Hi, I'm Chris Capre, founder of 2ndSkiesForex. I'm a verified profitable trader and trading mentor. As a professional trader, I specialize in trading Price Action and the Ichimoku cloud. As a trading mentor, I have one goal: to change the way you think, trade and perform using 18 years of trading experience and cutting edge neuroscience to wire your brain for successful trading. Want to improve your trading edge and mindset? Check out my trading courses here.
Do You Have the Willpower to Trade Successfully?
I am going to start this article with a question which could signify a major portion of your current level of success or failure in trading.
The question is;
Do you believe willpower (and specifically – your willpower) is a limited resource, and if so, what do you think it limits you to learn, achieve and accomplish?
A follow up question to this is:
If you work on a difficult task, say learning to trade price action, will you need more energy and resources to accomplish an even harder task, especially one involving self-control, such as using proper risk-management, trading with discipline, following your rule-based systems or trading plan, etc.?
Take a moment to reflect on these questions, then write down the answers.
Before we get into the answers, we are going to talk about a recent experiment on doing difficult tasks and the Stroop test.
There has been a lot of testing on willpower lately and the general experiments went like this;
People were asked the question about willpower, how they felt about their willpower and what they could achieve and accomplish.
Their answers were noted and then divided into two groups, and then they were all given the same following two tasks.
They started off with an easy task which was to read a page of written text and cross out all the instances where they saw the letters ‘es‘ together.
Then they were given another page of written text where they started off crossing out all the instances where the letter ‘e‘ showed up, then midway, had to change to crossing out every ‘e‘ except when it was followed by another vowel. The second task was obviously more difficult then the first because they had already learned to cross out the ‘es‘ in the first version of the task, then cross out all the ‘e‘s regardless of how they occurred.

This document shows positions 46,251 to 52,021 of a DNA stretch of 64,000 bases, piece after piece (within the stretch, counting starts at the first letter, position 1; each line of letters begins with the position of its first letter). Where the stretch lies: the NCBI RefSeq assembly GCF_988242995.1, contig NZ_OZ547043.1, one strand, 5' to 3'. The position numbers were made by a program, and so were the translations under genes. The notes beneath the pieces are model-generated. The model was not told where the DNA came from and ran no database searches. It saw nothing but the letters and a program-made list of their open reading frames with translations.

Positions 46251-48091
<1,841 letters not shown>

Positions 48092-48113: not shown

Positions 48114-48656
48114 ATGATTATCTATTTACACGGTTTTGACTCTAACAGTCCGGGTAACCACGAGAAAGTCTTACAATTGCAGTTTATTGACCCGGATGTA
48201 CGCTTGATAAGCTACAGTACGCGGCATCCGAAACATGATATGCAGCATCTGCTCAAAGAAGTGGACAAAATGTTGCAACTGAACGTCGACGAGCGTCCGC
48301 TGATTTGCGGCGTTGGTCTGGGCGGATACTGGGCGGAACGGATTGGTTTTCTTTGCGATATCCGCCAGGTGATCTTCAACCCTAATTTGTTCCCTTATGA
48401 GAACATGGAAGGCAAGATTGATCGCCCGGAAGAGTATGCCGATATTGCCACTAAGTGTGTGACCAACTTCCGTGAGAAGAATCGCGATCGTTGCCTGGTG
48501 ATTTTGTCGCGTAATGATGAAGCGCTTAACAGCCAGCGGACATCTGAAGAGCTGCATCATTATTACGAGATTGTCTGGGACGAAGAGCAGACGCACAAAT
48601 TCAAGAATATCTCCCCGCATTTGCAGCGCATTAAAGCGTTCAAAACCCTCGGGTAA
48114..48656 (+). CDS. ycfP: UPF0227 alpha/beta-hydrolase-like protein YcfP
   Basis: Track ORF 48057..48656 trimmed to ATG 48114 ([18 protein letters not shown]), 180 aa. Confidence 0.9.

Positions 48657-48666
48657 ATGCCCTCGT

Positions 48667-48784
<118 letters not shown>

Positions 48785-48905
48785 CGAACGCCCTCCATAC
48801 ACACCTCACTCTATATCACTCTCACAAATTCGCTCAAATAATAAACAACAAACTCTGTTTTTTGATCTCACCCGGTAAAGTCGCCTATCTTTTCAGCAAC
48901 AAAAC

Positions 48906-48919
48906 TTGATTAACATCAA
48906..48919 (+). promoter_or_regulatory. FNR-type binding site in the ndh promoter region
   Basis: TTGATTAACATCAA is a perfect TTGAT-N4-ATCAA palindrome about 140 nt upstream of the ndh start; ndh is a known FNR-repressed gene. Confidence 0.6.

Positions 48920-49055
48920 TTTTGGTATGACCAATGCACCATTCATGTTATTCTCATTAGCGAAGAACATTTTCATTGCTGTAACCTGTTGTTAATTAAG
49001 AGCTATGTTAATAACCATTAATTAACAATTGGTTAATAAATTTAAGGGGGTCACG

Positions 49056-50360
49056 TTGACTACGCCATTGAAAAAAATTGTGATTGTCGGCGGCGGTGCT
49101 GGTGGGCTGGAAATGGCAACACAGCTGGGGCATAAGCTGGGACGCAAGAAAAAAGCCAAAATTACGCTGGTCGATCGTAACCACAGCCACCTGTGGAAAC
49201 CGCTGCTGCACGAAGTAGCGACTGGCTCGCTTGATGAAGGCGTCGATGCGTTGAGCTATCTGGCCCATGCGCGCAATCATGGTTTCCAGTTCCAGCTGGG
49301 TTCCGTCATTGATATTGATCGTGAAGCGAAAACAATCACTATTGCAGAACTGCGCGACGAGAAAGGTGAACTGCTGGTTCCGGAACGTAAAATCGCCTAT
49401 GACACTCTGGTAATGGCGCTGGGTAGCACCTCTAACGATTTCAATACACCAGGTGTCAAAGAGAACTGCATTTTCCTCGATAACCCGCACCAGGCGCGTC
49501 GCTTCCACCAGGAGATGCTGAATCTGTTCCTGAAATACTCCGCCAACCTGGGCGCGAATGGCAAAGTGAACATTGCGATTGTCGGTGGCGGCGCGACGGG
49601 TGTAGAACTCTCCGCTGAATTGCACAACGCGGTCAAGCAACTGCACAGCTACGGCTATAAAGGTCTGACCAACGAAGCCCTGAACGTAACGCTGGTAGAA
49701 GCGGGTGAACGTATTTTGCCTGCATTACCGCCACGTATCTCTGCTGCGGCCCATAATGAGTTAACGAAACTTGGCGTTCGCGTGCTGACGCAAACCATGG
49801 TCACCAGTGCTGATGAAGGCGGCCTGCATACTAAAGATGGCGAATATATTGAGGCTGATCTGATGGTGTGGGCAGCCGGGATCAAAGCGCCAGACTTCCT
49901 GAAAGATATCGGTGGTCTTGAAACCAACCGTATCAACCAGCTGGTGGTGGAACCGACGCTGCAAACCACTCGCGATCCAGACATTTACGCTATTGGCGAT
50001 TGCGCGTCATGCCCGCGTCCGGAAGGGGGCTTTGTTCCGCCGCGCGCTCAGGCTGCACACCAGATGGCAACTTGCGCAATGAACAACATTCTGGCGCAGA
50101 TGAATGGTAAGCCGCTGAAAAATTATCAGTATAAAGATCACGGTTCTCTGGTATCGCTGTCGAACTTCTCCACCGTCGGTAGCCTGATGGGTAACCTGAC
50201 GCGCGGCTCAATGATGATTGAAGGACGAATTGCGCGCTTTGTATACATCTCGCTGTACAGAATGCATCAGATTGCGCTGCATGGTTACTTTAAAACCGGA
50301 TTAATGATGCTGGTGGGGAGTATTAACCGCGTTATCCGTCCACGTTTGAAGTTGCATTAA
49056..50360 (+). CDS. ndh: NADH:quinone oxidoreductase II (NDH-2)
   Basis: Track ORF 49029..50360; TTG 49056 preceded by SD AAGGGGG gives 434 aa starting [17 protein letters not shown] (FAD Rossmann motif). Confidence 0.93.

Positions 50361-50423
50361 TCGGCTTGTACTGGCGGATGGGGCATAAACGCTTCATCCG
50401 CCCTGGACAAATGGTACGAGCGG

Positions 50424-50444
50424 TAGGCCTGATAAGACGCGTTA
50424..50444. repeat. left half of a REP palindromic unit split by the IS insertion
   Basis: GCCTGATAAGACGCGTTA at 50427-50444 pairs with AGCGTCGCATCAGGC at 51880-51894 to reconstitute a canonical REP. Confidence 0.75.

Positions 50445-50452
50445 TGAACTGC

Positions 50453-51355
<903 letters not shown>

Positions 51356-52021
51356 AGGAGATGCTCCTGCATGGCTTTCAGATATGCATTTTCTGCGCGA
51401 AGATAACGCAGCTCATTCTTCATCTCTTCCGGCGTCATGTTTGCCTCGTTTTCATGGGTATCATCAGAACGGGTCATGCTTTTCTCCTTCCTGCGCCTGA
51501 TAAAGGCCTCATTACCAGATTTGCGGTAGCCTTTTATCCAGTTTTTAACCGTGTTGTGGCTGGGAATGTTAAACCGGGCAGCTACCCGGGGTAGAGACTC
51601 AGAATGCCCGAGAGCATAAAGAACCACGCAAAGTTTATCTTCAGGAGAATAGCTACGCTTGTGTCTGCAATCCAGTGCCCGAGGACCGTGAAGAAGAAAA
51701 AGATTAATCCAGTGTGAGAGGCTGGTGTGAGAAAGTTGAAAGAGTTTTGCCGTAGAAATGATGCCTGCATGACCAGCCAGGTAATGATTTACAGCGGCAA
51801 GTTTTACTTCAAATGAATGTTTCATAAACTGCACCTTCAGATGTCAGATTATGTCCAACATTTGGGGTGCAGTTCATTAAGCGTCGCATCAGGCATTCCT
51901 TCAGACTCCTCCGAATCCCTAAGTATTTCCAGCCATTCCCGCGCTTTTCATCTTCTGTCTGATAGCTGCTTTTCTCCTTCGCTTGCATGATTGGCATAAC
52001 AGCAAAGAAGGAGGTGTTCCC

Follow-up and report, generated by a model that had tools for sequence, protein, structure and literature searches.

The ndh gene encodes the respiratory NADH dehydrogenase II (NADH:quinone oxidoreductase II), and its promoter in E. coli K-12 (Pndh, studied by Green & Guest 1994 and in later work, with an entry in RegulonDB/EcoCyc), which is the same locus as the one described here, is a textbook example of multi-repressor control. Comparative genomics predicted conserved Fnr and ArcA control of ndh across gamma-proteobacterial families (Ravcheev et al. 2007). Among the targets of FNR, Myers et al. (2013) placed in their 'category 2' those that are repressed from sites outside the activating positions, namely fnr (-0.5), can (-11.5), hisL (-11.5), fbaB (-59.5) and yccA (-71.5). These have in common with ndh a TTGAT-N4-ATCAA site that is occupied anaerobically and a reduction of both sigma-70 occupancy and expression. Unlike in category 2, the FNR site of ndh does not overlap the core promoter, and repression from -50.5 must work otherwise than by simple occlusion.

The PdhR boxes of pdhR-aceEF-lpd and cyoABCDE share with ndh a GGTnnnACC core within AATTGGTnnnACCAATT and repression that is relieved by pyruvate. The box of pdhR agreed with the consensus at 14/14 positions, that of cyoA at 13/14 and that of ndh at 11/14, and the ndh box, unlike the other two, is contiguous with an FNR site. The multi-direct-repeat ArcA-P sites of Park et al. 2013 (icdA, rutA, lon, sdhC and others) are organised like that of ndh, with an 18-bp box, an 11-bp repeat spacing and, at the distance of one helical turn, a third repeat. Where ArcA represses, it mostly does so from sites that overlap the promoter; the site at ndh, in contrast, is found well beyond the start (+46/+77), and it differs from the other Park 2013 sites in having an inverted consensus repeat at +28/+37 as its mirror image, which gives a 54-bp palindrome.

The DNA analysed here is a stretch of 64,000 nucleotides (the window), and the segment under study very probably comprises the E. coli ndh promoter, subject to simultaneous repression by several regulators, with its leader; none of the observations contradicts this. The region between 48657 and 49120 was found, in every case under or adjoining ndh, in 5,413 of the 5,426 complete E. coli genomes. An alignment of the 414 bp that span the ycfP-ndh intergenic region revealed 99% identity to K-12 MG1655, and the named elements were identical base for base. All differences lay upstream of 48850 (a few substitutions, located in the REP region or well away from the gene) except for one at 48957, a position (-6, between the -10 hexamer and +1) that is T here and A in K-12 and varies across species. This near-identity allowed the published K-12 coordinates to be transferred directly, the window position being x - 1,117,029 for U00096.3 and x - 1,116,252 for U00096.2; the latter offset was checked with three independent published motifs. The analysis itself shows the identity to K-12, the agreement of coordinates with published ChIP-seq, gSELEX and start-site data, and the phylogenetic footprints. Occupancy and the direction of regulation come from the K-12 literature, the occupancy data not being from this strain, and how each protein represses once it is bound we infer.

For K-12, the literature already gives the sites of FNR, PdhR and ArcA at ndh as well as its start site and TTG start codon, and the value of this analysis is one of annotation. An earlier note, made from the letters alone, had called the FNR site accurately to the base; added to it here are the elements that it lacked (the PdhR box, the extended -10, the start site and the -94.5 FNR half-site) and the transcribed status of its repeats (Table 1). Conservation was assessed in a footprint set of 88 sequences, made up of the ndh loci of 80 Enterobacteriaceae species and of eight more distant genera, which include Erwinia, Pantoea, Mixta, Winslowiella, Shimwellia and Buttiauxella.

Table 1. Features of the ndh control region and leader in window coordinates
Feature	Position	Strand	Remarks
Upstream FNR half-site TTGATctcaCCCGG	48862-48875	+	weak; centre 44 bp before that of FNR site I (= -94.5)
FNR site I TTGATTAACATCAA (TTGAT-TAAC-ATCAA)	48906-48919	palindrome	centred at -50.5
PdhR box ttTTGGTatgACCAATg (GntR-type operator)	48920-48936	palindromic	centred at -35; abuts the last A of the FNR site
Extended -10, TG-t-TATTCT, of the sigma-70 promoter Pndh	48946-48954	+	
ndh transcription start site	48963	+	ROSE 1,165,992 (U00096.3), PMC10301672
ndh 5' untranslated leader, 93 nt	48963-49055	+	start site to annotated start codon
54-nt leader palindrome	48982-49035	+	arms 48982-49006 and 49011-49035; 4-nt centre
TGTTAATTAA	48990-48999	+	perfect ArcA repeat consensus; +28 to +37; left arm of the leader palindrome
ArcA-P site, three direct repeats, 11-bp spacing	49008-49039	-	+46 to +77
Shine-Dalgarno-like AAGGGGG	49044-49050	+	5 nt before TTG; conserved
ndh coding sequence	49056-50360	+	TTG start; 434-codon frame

The reason why the last task was most difficult was a) the task was more specific, and much more importantly b) they had to prevent themselves from doing a behavior they had already built up a habit to perform.
After doing this set of tasks, they had to perform a ‘Stroop test‘. This is one test I do every day in my Lumosity training whereby you read various names of colors in a word on the left, and have to determine if the color on the right word matches up with the color on the left.
For example, you would see the following two words;
Yellow and then the word Red which would be colored any of the following possibilities (yellow, red, blue, green, black).
If the word on the left was yellow, but the word on the right, say ‘Red’ was colored red, blue, green, or black, you would have to quickly determine if they matched up or not (in this case not). If the word on the left was ‘yellow’ and the word on the right ‘red’ was actually colored yellow, then you selected ‘yes’, if not, you selected ‘no’ which is the Stroop test.
Here is the interesting part.
If the person’s response to the willpower questions (the same ones I started the article with) was they believed they had a limited willpower to accomplish any task they wanted to achieve, these people made far more mistakes on the harder tasks, especially the Stroop test, then those who believed they had unlimited willpower to achieve anything they set their minds out to. Even more importantly, those that believed they got energy from doing the more difficult tasks, tended to outperform those that felt taxed from them.